author: Paul J Stevens
IMAP searches as of dbmail-2.2 are very fast and efficient since they are purely database driven. The only exception here are search actions that require access to the body of mail messages. This design seeks to address this issue.
Although the IMAP RFC requires that only text/plain messageparts are searched, being able to search the contents of other content types will add to dbmail's value. To achieve this we propose to add a separate table that will contain the words from each attachment.
The kind of query used to search this new table will depend partly on the database engine in use. As the engines further develop these queries can be adapted to achieve better performance and reliability. In MySQL/MyISAM tables, and in PostgreSQL/tsearch tables we'll be able to use full-text indexing and searching. As lowest common denominator we'll always be able to use LIKE queries. Even when relatively slow compared to full-text searching, this will still signify a major improvement over the current setup.
Construction and maintenance of the words table will require access to external utilities for parsing and converting non-text attachments. Converters for MSWord documents, Excel spreadsheets, PDF files etc are readily available. However, since this parsing and converting will be relatively slow and resource intensive, we propose to offload this to a separate daemon so it may run on a separate server. This daemon will have access to the dbmail database, to the converters, and will listen on a network port for requests to (re)index certain messages. It will also be possible to request a revisiting of all attachments of a certain type, i.e. after a converter was upgraded.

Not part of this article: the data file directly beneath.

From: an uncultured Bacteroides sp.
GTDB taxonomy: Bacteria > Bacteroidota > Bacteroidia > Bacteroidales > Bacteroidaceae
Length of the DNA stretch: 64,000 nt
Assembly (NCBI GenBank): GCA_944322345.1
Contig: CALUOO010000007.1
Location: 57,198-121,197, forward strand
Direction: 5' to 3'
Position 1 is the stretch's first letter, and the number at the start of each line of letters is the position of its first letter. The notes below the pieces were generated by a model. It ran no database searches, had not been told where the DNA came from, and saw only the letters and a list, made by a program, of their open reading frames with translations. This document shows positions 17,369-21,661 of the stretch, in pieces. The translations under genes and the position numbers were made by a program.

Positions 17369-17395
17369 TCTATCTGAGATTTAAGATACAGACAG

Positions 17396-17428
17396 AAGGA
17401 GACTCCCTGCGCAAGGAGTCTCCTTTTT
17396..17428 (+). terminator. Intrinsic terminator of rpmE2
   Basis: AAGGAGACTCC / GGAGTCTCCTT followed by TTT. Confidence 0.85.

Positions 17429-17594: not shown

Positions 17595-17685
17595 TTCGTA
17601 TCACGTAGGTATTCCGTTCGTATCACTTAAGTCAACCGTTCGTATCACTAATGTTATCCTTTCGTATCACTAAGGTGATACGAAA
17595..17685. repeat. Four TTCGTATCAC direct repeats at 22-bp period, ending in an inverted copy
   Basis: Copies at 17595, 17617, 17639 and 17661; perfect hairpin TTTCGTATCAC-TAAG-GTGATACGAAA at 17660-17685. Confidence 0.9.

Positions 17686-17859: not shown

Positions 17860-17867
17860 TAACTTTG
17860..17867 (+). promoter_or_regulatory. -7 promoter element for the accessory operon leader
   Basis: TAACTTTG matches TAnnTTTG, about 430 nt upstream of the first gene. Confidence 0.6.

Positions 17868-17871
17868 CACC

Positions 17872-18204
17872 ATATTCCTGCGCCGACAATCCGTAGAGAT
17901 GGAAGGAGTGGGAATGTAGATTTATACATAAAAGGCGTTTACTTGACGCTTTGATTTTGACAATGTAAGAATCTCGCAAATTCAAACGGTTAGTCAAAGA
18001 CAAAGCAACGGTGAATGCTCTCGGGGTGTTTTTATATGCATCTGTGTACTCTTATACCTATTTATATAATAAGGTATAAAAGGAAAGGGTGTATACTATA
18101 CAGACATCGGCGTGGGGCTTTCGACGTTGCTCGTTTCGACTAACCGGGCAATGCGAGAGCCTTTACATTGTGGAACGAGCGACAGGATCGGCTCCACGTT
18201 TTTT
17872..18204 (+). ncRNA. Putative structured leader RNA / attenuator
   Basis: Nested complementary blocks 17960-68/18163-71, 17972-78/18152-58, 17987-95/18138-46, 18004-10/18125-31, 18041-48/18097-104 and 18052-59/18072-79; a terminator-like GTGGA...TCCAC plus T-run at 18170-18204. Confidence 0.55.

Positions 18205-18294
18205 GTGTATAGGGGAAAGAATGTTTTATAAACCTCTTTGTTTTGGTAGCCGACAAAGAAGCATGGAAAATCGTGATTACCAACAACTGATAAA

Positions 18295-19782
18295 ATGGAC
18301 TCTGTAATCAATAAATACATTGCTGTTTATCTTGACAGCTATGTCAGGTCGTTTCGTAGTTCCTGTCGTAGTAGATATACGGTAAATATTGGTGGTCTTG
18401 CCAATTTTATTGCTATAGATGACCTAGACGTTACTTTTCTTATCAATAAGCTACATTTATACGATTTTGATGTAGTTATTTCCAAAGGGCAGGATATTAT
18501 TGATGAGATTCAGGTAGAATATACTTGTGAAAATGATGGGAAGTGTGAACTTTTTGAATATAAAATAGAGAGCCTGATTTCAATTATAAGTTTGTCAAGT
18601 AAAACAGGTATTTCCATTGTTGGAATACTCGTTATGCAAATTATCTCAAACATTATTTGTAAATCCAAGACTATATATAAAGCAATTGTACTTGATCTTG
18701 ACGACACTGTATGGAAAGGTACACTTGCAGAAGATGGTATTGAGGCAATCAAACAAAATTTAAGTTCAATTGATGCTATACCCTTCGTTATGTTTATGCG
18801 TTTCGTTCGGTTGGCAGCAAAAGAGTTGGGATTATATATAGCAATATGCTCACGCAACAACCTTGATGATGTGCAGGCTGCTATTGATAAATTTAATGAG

NOTE: IMAP RFC requires that body searches must match substrings also (e.g. “ello” search key will find “hello”). So the above design can't do indexed searches for text/plain parts without violating IMAP spec. Although doing a non-indexed LIKE %ello% lookup in words table could still be faster than doing it for all message bodies.
Proposal: What about a configure-time option called use fulltext search as default. When this is enabled, the search vialoates the IMAP spec but searches fast via fulltext search. But when the user places a special character (% or ~) in the search, it switches to the “like” search. Or vice versa: switching to fulltext search with a ~ at the beginning.